A recent survey found that 41 percent of French people were “not interested” in the US presidential election, a higher rate than any of the other six European countries surveyed.
In fact, according to the YouGov survey, 72 percent of Germans and Swedes said they were interested, with the Danes close behind at 70 percent.
But just 58 percent of the French said the same, with 11 percent saying they were “very interested” (the lowest rate in Europe), and 47 percent admitting to being “fairly interested”.
While the rest of the world seems to be on tenterhooks are the French really indifferent about Tuesday's election result?
A quick look at the French press on Monday, the eve of the US election, suggested the country has other things on their minds.
While the top story on Le Monde newspaper, seen as the paper of reference in France, was on the US election, most other newspapers had other priorities, from an attempt to depose president François Hollande (Le Figaro) to the French government's plan for a “monster database” (Le Parisien) to the battle to become the presidential candidate for France's green party (L'Express).
Ouest France, the country's biggest selling daily, had a story on the Vendée yachting race in top spot.
Perhaps it is no surprise the French are slightly less preoccupied with the election on the other side of the Atlantic. Indeed some thought they showed the same indifference in the run up to the Brexit vote in the UK.
For starters, their own election is looming, meaning there's constant speculation about whether Hollande will run again and if not then who on the left will?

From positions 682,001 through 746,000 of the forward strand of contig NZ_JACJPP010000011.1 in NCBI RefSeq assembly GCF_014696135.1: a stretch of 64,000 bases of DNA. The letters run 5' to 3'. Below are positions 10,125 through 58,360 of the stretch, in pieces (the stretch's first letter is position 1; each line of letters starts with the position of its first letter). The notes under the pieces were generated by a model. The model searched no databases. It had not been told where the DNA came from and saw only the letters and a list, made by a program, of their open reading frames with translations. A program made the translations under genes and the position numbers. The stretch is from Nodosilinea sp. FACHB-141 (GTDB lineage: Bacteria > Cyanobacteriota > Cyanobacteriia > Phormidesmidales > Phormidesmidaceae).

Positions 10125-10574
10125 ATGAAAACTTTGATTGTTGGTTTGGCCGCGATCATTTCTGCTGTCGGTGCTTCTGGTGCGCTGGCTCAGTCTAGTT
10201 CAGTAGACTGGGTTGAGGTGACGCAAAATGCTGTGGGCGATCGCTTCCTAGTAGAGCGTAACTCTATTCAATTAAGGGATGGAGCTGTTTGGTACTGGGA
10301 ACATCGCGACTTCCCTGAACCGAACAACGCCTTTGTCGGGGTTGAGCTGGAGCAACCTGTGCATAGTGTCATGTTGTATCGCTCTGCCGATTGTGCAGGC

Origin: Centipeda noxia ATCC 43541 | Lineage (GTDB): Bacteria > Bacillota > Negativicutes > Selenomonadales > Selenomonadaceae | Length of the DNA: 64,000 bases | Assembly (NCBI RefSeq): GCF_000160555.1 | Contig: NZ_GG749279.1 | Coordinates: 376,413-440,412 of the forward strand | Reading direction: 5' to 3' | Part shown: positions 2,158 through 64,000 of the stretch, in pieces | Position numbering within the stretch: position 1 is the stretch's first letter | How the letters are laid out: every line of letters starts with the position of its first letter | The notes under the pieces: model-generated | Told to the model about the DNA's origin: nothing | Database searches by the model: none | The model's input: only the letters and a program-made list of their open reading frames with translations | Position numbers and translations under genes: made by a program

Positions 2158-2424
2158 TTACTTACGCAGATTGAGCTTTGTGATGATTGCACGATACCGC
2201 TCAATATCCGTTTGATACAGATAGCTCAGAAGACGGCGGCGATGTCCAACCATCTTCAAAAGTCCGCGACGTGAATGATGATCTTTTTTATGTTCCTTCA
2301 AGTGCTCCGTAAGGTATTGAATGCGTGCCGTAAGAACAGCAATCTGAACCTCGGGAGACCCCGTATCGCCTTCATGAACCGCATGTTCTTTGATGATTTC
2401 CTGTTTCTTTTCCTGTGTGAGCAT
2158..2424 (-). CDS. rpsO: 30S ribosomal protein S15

There's also the battle to be the right wing candidate (and probable next president) which is coming to a head, and of course the growing influence of the far right and Marine Le Pen is always a newsworthy subject in France.
Politics aside and the French have plenty more to worry about. The scars of recent terror atrocities are set to be reopened this week as France marks the one-year anniversary of the Paris terror attacks that left 130 dead.
And there's always the high unemployment and economic woes that continue to preoccupy the French nation.
Police officers across the country have been protesting against a rise in violence and despite the closure of migrant camps in Calais and Paris, no one really thinks the refugee crisis is over.
In other words France can be forgiven for not having Trump and Clinton on their minds right now.
But let's not paint a picture that the French don't care. Many do.
For what it's worth the YouGov survey showed the French who are following the race for the White House have big worries about the prospect of Donald Trump becoming president this week.
Only one percent of French respondents said that Trump would be “a great president”, while a full 51 percent think he would be “terrible”. Some 52 percent of respondents said they'd be “afraid” if he were to win.
Meanwhile, 44 percent said they would be “relieved” to wake up on November 9th to discover that Trump’s Democratic opponent Hillary Clinton had won the election.
And it's not just the French public who don't count themselves among the Trump fans.
Donald Trump has received a frosty reception from France's President Francois Hollande, who said in August that the presidential candidate “makes you want to retch”.
“His excesses make you want to retch, even in the United States, especially when — as was Donald Trump's case — he speaks ill of a soldier, of the memory of a soldier,” Hollande told journalists in Paris.